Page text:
(Preface: Before going into the substance of this article, I want to make clear that despite my disappointment in the Obama administration and Congressional Democrats since the 2008 elections and my disagreement with much of their political approach, the scariest words in the English language are "Speaker Boehner" and I'm doing everything I can to prevent that from coming to pass, including opening my (modest) checkbook to Democratic candidates and making calls on their behalf -- I urge Huffington Post readers to do the same.)
I recently returned from a belated summer vacation to a stack of snail mail which included the October 14, 2010 edition of Rolling Stone featuring an interview by editor Jann Wenner with President Obama.
In the interview, President Obama defends his record of legislative accomplishments on the size and scope of the stimulus bill, financial reform and health care reform. He tells Wenner,
"I could have had a knock-down, drag-out fight on the public option that might have energized you and The Huffington Post, and we would not have health care legislation now."
There are two notable things about this statement. First, despite the Obama administration's continued attacks on the progressive base that helped him win the Democratic nomination and the Presidency (e.g. Rahm Emanuel calling progressive activists "Fucking Stupid" for criticizing Blue Dogs who didn't support the President on health care; Robert Gibb's attack on "professional liberals") the administration, right up to the President, actually seems to pay attention to what progressives like The Huffington Post have to say and seems to be concerned enough about their influence to try to rebut them. (In fact, in a somewhat bizarre fascination with all things Huffington, on the very first page of The New York Times Magazine's cover story on Obama and the election, presumably intended to rally the troops, Obama notes-- without the intended irony--Arianna's slightly tongue-in-cheek criticism of Obama's cautious taupe-colored redecorating of the Oval Office.)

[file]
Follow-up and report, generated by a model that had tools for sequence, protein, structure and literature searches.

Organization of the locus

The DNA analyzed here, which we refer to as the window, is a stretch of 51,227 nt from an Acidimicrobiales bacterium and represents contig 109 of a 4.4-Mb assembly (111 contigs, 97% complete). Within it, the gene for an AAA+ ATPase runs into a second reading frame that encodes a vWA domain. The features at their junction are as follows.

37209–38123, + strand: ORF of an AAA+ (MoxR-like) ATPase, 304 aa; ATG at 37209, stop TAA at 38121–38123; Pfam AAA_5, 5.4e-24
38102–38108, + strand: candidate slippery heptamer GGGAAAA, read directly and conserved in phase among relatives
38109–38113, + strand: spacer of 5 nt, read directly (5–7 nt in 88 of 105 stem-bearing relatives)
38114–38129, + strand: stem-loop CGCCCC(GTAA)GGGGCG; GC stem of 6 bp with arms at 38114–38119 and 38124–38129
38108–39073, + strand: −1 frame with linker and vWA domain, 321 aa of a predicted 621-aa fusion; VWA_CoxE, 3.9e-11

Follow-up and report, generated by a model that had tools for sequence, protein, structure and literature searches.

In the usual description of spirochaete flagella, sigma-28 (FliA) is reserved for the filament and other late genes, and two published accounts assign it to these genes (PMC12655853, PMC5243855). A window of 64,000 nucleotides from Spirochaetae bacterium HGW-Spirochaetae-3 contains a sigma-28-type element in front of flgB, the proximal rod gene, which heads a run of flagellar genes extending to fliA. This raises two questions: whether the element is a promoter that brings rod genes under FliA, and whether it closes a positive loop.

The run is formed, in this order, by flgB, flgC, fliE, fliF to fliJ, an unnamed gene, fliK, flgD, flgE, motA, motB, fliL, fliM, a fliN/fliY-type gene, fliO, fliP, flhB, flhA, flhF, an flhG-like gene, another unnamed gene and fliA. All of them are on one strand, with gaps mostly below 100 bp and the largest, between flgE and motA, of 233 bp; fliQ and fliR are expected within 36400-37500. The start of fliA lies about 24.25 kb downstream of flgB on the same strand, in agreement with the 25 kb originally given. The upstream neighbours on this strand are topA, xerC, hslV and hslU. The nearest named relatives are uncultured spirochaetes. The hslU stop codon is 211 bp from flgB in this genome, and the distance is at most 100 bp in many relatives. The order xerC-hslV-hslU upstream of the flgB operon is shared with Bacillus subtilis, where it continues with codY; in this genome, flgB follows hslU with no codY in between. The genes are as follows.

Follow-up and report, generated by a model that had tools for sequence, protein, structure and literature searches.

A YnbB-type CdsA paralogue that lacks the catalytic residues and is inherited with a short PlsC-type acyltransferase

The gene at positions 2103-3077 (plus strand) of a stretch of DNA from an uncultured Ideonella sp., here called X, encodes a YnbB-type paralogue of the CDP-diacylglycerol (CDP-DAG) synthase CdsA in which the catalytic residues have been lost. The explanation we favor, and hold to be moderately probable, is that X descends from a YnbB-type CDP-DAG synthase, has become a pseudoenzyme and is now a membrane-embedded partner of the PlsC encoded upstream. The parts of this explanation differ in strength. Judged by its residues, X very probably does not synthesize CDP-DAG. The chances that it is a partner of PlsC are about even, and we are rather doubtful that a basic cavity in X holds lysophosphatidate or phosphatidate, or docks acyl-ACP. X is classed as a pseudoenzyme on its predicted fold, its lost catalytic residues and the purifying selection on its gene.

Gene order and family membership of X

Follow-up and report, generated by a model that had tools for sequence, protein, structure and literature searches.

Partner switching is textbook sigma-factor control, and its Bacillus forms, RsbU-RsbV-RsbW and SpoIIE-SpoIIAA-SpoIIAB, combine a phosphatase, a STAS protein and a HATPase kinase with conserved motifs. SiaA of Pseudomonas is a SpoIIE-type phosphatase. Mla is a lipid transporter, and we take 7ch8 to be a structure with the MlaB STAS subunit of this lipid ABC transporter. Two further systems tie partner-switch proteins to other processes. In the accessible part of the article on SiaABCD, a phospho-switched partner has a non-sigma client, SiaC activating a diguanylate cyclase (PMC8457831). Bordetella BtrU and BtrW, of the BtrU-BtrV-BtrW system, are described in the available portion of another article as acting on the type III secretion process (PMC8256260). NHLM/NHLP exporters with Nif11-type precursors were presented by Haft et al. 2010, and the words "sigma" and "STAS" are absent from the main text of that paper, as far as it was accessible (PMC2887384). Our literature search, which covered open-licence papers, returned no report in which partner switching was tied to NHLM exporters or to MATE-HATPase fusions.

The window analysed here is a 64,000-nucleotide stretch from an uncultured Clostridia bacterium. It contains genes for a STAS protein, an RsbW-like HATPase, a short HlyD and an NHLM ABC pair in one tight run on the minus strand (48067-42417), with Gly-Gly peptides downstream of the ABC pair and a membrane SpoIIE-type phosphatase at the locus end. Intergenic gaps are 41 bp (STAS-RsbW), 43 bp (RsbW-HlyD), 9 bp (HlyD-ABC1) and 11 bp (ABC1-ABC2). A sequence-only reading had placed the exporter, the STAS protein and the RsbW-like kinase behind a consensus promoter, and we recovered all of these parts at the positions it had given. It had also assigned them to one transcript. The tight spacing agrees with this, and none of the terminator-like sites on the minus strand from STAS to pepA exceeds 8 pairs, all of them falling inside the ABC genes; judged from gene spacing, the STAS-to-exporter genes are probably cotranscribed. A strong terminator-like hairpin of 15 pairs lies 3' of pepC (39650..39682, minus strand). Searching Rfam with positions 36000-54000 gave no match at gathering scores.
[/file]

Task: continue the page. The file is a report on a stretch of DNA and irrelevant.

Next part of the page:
Second, when it comes to the public option, Obama's statement is essentially untrue: It's an attempt to rewrite history, and ignores the fact--reported in the The New York Times, The Ed Show, Tom Dashle's recent book, and in a series of articles I wrote in The Huffington Post--that even as Obama was proclaiming his belief in the public option in order to maintain support for his health care bill among his liberal base as well as among the 60% of voters who told pollsters that they supported it, he had already made a back-room deal with the for-private hospital industry to kill it.
Which brings me to my own encounter with the White House regarding my articles in The Huffington Post on health care reform, a subject about which I've written over 25 articles going back to the early days of the last Presidential campaign in 2007.
The Obama administration's deal with the drug industry that his health care reform would continue President Bush's policies of banning Medicare from using its market power to negotiate lower drug prices and outlawing the importation of cheaper drugs from Canada--in return for drug industry money and political support for Obamacare--was well reported and caused considerable consternation among progressive activists, as well as a sense among voters that Obamacare was turning into a series of special interest deals.
I spilled a good deal of electronic ink in The Huffington Post last summer and fall trying to blow the whistle on a second--and far less publicized deal--that the White House made with another health care special interest group, the for-profit hospital industry, in exchange for its political support for Obamacare. See here, here, and here.
The deal included two parts: First, the cost of health care reform to the for-profit hospital industry would be limited to $155 billion over ten years (an average cost of $15.5 billion per year). Second, the final bill would not include a national public option that might compete with private insurance and use Medicare rates to extract lower costs from for-profit hospitals. As The New York Times first reported in August, 2009,